The Panthers averaged 4.03 yards before contact per rush yesterday, comfortably their best mark of the season and more than enough for a guy with Stewart’s talent. Carolina’s formula is simple: It’s going to play great defense, run the ball well, and let its quarterback make the occasional spectacular throw to put it over the top. Through seven weeks, it’s worked like a charm.
You have to feel for Josh McCown. He is on the road against maybe the best pass rush in the NFL, which is enough to worry about on its own. And now he has to deal with slippery floors and brick walls, too.
McCown took eight hits on the day — seven from the Rams and one from the wall — but actually played fine, all things considered. He threw for 270 yards on 32 attempts. Cleveland’s problem is that it just couldn’t hold on to the ball. The Browns lost four fumbles, including two strip-sacks by William Hayes. It was that kind of Really? day for the Browns. Even when McCown was avoiding Rams, he was getting hit by walls, and even as Joe Thomas was keeping Robert Quinn relatively in check, Hayes was doing damage on the other side. All of that and Todd Gurley being absolutely ridiculous was more than enough for St. Louis.
Oh, and until further notice, I’ll be including the most insane thing Gurley does every week. In this case, there are two, because I honestly couldn’t pick:
The Eagles Defense
Just like everyone predicted two years ago, the Eagles offense is the unit holding them back. Philadelphia picked off Newton three times last night, but it still wasn’t enough.
It’s undoubtedly been a frustrating year for the players on the Eagles defense. Stewart had a big day on the ground, but the Eagles were third in defensive DVOA coming into yesterday, and overall, it’s an interesting, entertaining, and — at times — dominant collection of talent. Philly’s front might be the league’s most intriguing group of players at those positions. Connor Barwin does just about everything. Fletcher Cox is just 24 years old, already a star, and about to get paid. And that’s before even getting to the complementary pieces.
You couldn’t give me enough money to block Bennie Logan for three hours. I’m convinced he’s part bear and no one is going to tell me otherwise. Look at this quote from Logan, via Ed Barkowitz of the Philadelphia Daily News, about sacking Drew Brees two weeks ago:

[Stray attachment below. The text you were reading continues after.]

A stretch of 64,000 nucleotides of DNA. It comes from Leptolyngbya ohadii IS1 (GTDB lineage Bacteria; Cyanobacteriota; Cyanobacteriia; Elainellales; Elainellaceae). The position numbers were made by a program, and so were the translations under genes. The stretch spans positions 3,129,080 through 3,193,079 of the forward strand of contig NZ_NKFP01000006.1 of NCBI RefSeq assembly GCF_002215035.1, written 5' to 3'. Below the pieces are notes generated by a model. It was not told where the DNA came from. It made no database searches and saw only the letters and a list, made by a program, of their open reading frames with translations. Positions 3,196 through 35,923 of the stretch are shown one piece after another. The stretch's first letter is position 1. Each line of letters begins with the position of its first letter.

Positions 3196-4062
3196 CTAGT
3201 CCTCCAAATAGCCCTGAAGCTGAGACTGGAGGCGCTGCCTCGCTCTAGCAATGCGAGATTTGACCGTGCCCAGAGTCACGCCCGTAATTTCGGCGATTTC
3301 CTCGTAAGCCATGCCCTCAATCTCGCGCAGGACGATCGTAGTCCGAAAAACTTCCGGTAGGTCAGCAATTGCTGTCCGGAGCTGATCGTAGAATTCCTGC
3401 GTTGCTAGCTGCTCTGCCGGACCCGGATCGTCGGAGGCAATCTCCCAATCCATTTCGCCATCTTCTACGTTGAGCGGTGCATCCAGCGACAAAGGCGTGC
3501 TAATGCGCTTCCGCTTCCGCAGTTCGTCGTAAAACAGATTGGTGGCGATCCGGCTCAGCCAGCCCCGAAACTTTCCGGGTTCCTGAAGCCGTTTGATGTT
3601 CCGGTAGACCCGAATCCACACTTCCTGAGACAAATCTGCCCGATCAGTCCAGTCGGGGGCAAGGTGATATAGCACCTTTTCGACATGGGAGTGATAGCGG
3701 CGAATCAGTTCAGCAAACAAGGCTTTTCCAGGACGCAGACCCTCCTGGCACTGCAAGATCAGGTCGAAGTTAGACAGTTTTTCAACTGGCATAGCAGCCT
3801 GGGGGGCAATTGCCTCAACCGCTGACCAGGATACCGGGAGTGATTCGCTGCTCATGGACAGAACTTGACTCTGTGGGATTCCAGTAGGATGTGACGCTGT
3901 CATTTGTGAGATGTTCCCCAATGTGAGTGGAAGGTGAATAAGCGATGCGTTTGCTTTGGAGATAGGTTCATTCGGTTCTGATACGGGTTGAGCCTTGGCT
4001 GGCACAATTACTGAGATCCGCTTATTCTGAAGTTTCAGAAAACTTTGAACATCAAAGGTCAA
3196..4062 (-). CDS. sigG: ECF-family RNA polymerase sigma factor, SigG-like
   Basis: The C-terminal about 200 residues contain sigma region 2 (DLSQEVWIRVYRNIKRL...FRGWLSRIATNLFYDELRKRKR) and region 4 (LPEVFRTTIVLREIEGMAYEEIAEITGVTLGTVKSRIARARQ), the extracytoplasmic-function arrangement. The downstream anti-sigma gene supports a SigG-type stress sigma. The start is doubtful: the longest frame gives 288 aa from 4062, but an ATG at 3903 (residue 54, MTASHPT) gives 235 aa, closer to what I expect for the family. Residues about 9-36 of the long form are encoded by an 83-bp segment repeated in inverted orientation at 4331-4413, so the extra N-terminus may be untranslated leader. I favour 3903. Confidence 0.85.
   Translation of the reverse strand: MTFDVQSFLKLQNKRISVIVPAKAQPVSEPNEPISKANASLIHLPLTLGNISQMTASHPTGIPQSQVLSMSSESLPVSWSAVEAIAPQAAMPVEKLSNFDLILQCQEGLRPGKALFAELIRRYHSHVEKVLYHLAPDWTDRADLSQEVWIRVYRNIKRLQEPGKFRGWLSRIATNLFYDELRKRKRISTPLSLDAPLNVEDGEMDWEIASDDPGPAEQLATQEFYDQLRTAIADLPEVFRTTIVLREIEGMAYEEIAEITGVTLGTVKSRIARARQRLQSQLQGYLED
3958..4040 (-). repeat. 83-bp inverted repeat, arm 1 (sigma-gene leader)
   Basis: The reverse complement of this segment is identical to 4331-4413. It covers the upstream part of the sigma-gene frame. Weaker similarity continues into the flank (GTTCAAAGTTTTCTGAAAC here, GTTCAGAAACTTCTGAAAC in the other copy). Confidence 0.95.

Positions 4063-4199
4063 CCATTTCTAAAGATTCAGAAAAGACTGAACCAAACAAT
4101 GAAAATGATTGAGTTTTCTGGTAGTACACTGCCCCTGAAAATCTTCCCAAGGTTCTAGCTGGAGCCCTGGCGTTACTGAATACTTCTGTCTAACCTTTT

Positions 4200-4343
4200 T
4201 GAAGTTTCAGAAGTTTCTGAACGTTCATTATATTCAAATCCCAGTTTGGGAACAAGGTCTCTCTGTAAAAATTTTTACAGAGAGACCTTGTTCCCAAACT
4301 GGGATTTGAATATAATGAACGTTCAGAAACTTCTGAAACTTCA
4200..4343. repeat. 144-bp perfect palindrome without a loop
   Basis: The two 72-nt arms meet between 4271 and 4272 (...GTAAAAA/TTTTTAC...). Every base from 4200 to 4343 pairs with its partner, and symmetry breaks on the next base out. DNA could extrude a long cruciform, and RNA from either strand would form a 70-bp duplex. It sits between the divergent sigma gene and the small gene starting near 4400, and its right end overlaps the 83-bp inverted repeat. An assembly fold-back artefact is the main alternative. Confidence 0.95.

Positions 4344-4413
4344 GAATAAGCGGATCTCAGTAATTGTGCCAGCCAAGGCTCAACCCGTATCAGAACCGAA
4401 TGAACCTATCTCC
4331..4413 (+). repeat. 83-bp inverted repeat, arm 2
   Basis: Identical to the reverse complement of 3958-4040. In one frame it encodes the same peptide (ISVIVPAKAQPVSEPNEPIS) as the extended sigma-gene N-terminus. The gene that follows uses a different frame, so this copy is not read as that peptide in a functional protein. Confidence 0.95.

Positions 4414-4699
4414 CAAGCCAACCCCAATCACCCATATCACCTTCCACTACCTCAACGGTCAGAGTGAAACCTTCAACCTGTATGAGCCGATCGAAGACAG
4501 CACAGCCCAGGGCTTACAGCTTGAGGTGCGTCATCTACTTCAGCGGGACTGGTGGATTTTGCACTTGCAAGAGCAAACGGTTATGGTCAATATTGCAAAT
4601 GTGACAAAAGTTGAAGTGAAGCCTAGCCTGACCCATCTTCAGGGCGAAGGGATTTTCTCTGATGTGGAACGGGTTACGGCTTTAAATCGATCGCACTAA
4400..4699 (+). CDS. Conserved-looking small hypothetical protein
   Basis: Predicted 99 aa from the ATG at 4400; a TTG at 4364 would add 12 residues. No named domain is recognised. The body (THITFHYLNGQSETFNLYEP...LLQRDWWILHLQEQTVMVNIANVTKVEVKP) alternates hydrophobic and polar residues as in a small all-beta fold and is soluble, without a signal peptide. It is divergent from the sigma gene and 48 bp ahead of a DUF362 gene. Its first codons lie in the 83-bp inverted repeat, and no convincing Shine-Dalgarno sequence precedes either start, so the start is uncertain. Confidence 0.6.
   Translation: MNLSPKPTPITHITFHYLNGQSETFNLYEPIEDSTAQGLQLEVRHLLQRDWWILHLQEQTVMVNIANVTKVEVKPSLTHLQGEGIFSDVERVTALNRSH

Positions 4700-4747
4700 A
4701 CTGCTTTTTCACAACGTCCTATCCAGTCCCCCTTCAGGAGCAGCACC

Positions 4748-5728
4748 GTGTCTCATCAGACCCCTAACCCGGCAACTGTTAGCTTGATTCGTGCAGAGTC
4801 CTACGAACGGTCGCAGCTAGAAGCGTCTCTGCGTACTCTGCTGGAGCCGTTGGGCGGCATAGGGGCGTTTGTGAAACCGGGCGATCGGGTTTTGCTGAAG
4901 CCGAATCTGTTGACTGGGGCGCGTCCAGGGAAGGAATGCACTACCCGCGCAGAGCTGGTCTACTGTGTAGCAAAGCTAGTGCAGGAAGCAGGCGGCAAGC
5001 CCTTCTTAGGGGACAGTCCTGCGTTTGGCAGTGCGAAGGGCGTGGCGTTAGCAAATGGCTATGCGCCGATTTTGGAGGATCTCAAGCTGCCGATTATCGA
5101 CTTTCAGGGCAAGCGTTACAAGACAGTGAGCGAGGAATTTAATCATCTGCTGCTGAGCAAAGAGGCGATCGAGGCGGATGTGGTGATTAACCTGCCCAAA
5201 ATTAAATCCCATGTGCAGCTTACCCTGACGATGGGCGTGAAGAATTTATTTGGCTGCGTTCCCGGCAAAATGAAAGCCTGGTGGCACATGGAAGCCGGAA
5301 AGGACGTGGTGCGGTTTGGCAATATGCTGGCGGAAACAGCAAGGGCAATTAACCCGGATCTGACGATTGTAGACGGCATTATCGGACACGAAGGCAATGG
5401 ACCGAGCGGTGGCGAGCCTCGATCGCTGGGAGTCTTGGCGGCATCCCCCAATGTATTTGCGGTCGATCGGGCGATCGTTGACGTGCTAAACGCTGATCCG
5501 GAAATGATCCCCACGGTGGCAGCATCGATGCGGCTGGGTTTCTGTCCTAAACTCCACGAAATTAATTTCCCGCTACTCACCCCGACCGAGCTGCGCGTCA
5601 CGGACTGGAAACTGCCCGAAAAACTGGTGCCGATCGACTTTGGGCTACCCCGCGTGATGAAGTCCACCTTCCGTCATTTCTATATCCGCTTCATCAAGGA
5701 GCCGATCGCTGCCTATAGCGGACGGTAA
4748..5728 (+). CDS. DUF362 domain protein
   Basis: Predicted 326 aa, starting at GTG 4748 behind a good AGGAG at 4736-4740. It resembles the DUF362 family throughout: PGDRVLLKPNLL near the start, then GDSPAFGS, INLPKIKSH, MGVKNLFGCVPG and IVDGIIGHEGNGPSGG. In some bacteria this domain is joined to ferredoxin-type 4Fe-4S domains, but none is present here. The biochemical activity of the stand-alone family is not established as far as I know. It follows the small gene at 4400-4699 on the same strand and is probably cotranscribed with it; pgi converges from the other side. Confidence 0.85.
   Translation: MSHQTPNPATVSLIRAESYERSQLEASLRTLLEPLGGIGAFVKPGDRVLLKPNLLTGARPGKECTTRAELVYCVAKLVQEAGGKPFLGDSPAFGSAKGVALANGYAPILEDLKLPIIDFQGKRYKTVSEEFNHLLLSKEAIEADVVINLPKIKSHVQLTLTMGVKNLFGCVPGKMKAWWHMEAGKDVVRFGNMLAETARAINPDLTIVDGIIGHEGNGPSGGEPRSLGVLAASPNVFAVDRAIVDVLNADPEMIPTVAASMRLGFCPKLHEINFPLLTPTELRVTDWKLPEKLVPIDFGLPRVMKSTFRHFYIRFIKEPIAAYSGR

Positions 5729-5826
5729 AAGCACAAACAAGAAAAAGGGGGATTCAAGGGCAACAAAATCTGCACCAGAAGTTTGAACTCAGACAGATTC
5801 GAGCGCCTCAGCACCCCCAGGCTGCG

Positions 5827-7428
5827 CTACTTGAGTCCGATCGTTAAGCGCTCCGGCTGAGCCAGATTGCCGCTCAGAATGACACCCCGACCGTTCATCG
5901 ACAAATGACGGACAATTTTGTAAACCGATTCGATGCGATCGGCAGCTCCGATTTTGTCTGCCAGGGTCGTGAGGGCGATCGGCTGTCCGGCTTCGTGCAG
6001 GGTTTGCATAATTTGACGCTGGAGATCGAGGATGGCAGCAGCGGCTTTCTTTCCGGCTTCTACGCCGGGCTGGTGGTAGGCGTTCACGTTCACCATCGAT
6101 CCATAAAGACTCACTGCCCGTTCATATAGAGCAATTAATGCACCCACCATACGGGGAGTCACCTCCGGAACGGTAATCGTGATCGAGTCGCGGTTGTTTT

“I like the more physical play,” Logan said. “A quarterback is just going to sit there and go down. He’s not going to do anything. I like someone who’s going to give me a challenge, who’s going to hit me, too.”
Again, no amount of money. As Philly’s nose tackle, Logan is literally and figuratively at the center of that stingy run defense, and the way he sucks up blocks creates opportunities for players like Cox and Cedric Thornton. There’s plenty happening behind that front too. Mychal Kendricks can flat-out play and Malcolm Jenkins’s second act in Philadelphia has been a pleasant surprise. Overall, Bill Davis’s group brings a ton to the table, and they deserve better than what they got from Chip Kelly’s offense last night — and most of this season.
The chirping in the Buffalo locker room about frustrations with Rex Ryan’s defense won’t be quieting down after this week. Even as the Bills bothered Blake Bortles for most of the day, T.J. Yeldon enjoyed the best game of his career. Buffalo was 25th in run-defense DVOA before yesterday, and that’s likely to take a tumble after Yeldon and the Jaguars’ 27th-ranked running game put up 120 yards.
EJ Manuel’s backbreaking giveaways — a fumble returned for a touchdown and a pick-six on consecutive Buffalo plays — aren’t a surprise to anyone, but for the second straight week, his play was enough to remind everyone just how much Buffalo is relying on Tyrod Taylor, a guy it picked up for nothing this offseason.
Right now, the Bills are a team that isn’t doing much well, which is something I never expected to say. On paper, this group had its share of issues. Not having an identity wasn’t one of them. Even Buffalo’s strengths weren’t strengths yesterday. Thanks to Stephon Gilmore being superhuman, Buffalo came into the game with the best DVOA in the league against no. 1 receivers. Then Allen Robinson caught six of his nine targets for 98 yards and a score. With the Dolphins bouncing back and the Jets looking like they’ll be sticking around all year, the season might be slipping away for a 3-4 Bills team.
That yardage discrepancy above is pretty much all anyone needs to say about whatever you would call what took place in Miami yesterday. A 41-0 halftime deficit is indicative of more than quarterback issues or a bad day. For the second time this month, the Texans were embarrassed on the road, and along with the loss to Atlanta, this is the second time in four weeks they’ve been down at least four touchdowns at halftime.
The disaster that took place on the field was compounded by issues off it. With Houston down 44-20 and less than five minutes to go, Arian Foster tore his Achilles. He’s done for the year, and at the start of next season, he’ll be a 30-year-old running back recovering from the most devastating lower-body injury an older player can have. Oh, and Ryan Mallett missed the team flight because he was reportedly stuck in traffic, according to Aaron Wilson of the Houston Chronicle.
Without Foster, and with the offensive line both banged up and struggling, Houston’s hopes on offense are almost nonexistent. That side of the ball was always going to be a question mark, with the path to success for O’Brien’s team relying more on stopping people than racking up points. But Romeo Crennel’s defense has been a no-show — 23rd in defensive DVOA before yesterday’s atrocity. The Texans are 2-4, and their wins have come against Tampa Bay (in a 19-9 rock fight) and Jacksonville (which required a Herculean effort from DeAndre Hopkins). This is turning into a lost season for Houston, and in the end, that’s going to be laid at O’Brien’s feet.